If the procedure proper tries to call the coroutine it is part of, the toggler in fact returns control to the caller. Likewise, if the caller tries to call the returner of a coroutine, the toggler in fact returns control to the coroutine. Because this may lead to confusion and to errors that cannot easily be traced, it may be desirable to adapt procedure make-coroutine-constr such as to prohibit the procedure proper from calling the coroutine it belongs to and to prohibit the caller from calling the returner. This can be done in several ways, for instance by maintaining two separate procedures for the coroutine and its returner and adding a variable, say control-state, in which is recorded who is supposed to be in control, the caller or the coroutine. This does not prevent the procedure proper from being recursive.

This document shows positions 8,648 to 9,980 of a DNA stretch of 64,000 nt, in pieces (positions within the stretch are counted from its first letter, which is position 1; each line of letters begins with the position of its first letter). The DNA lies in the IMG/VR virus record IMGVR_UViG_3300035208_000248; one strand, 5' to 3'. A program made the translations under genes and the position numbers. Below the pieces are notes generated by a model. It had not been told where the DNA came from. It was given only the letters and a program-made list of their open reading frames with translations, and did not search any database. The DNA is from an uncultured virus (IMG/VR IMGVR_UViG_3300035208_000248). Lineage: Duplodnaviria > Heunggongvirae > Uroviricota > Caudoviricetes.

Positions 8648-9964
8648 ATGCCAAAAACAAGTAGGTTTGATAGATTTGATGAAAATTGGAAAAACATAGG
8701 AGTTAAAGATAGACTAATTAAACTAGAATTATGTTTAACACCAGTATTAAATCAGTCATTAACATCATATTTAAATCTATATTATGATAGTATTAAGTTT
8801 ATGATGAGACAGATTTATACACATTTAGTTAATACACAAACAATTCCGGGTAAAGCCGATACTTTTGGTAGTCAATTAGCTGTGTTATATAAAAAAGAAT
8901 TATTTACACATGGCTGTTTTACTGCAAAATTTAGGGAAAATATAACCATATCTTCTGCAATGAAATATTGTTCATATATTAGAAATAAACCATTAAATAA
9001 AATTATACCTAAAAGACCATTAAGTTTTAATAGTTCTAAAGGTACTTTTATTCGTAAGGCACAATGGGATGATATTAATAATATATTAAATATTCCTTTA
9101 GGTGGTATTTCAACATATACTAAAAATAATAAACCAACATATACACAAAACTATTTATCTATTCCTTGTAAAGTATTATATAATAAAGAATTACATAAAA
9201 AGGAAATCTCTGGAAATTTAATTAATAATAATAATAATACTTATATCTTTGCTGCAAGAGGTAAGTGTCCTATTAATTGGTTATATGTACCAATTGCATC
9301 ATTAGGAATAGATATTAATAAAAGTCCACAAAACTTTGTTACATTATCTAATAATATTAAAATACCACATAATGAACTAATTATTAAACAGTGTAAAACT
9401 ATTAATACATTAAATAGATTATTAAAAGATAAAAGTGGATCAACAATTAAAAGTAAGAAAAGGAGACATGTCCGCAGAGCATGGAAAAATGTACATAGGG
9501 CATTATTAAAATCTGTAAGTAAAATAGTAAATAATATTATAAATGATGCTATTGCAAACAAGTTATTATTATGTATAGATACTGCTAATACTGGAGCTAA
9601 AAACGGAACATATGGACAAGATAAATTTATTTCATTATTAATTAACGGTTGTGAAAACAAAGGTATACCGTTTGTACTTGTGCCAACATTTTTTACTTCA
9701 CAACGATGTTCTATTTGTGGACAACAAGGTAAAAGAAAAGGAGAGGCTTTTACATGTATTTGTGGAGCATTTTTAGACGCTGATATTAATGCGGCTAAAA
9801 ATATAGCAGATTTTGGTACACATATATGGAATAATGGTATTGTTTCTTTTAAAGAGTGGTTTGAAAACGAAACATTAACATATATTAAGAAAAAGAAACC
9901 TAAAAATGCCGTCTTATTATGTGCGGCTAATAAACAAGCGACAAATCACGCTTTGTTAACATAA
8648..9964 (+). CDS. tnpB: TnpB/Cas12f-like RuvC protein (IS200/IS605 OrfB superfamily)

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Comments about this recipe

Very welcome.

Contributors

-- JosKoot - 27 Aug 2006, last update: April 22, 2009.

Source code

Last tested with : DrScheme, version 4.1.5.4-svn19apr2009 [3m].

All examples included in this recipe can be found in: cookbookcoroutines.scm:

CookbookForm
TopicType: Recipe
ParentTopic: IdiomRecipes
TopicOrder: 999

Attachment: Action: Size: Date: Who: Comment:
cookbookcoroutines.scm action 13120 21 Apr 2009 - 11:40 JosKoot